When something goes wrong during a surgical operation, the only people who can describe what happened are those who were present in the operating room. This is usually limited to members of the medical team, who may be the very people responsible for surgical errors or negligence.
However, new legislation might change this. A bill called “Julie’s Law” that was recently introduced in Wisconsin would allow patients to request audio and visual recordings of their surgical procedures. The bill would also fine health care providers up to $25,000 for refusing to comply.
Julie’s Law was named for a 38-year-old woman who died following breast augmentation surgery. Her family believes medical malpractice occurred. Hearing records show that doctors waited several minutes before starting chest compressions after she flat-lined, her doctor was not licensed to practice anesthesia, and there was no anesthesiologist present.
Proponents of the bill say it would help to identify and prove human error during procedures, or it would help to protect medical professionals by showing that they did nothing wrong. Advocates also point to other professions like police work, where recordings are used as lives are on the line. Supporters believe that having the option of cameras in the operating room could improve the quality and safety of health care. Opponents, however, believe it could do just the opposite, creating additional stress in an already high-stress situation.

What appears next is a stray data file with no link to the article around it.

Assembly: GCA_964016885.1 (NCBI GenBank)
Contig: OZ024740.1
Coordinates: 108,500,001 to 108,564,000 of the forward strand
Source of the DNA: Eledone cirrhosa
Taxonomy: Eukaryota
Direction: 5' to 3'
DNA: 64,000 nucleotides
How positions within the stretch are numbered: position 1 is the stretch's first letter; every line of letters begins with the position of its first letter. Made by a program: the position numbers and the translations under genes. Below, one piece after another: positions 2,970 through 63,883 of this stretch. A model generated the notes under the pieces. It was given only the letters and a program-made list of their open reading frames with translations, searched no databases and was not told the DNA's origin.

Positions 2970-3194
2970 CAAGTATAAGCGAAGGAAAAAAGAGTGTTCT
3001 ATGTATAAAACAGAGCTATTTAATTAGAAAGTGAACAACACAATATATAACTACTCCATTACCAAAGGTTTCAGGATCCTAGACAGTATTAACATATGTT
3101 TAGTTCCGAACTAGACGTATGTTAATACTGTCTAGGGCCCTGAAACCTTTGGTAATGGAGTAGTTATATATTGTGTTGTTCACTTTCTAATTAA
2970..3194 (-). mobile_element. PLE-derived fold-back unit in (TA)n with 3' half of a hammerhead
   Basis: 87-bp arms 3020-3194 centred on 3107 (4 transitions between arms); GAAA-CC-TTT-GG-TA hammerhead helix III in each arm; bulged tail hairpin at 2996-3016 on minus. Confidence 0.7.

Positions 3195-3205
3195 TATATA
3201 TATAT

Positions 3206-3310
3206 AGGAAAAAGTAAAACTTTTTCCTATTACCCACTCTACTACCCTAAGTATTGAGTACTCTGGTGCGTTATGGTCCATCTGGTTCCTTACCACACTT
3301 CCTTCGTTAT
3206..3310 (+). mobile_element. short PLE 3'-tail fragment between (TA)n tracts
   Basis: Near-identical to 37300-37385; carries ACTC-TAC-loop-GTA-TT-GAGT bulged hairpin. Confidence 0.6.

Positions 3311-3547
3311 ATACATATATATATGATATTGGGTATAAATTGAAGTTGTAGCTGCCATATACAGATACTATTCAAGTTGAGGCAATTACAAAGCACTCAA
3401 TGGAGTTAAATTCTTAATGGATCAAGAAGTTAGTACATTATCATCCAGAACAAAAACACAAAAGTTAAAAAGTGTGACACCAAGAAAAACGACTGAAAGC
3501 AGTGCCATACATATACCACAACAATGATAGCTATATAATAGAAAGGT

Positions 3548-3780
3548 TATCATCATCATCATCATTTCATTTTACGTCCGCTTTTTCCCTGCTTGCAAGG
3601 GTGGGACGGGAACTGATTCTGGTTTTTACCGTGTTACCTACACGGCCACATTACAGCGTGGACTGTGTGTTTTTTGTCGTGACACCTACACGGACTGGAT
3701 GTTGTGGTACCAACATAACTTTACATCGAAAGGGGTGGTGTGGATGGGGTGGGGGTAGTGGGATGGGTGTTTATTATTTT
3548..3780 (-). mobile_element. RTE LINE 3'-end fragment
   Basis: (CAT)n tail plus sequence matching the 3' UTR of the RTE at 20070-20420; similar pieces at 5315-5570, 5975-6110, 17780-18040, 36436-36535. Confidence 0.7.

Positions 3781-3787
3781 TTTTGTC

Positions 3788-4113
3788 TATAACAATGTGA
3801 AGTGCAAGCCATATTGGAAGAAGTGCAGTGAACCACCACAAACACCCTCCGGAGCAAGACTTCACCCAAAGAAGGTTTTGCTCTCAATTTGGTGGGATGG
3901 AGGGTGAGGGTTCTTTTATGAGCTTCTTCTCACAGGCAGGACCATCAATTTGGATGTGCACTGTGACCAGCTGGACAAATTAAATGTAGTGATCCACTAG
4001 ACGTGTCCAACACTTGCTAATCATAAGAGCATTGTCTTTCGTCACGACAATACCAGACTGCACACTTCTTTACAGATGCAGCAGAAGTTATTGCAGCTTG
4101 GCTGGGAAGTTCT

Baltimore Medical Malpractice Lawyers at LeViness, Tolzman & Hamilton Will Advocate for Your Rights
If you or a loved one has been the victim of medical malpractice, contact a Baltimore medical malpractice lawyer at LeViness, Tolzman & Hamilton. We will seek opinions from medical experts, make sure you get the medical treatment and rehabilitation you need, and ensure that you receive all the financial and other benefits you deserve. To schedule a free, confidential consultation, call us today at 800-547-4LAW (4529) or contact us online.
Our offices are located in Baltimore, Columbia, Glen Burnie, and Towson, allowing us to represent medical malpractice victims in Maryland, including those in Anne Arundel County, Carroll County, Harford County, Howard County, Montgomery County, Maryland’s Western Counties, Southern Maryland, and the Eastern Shore, as well as the communities of Catonsville, Essex, Halethorpe, Middle River, Rosedale, Gwynn Oak, Brooklandville, Dundalk, Pikesville, Nottingham, Windsor Mill, Lutherville, Timonium, Sparrows Point, Ridgewood, and Elkridge.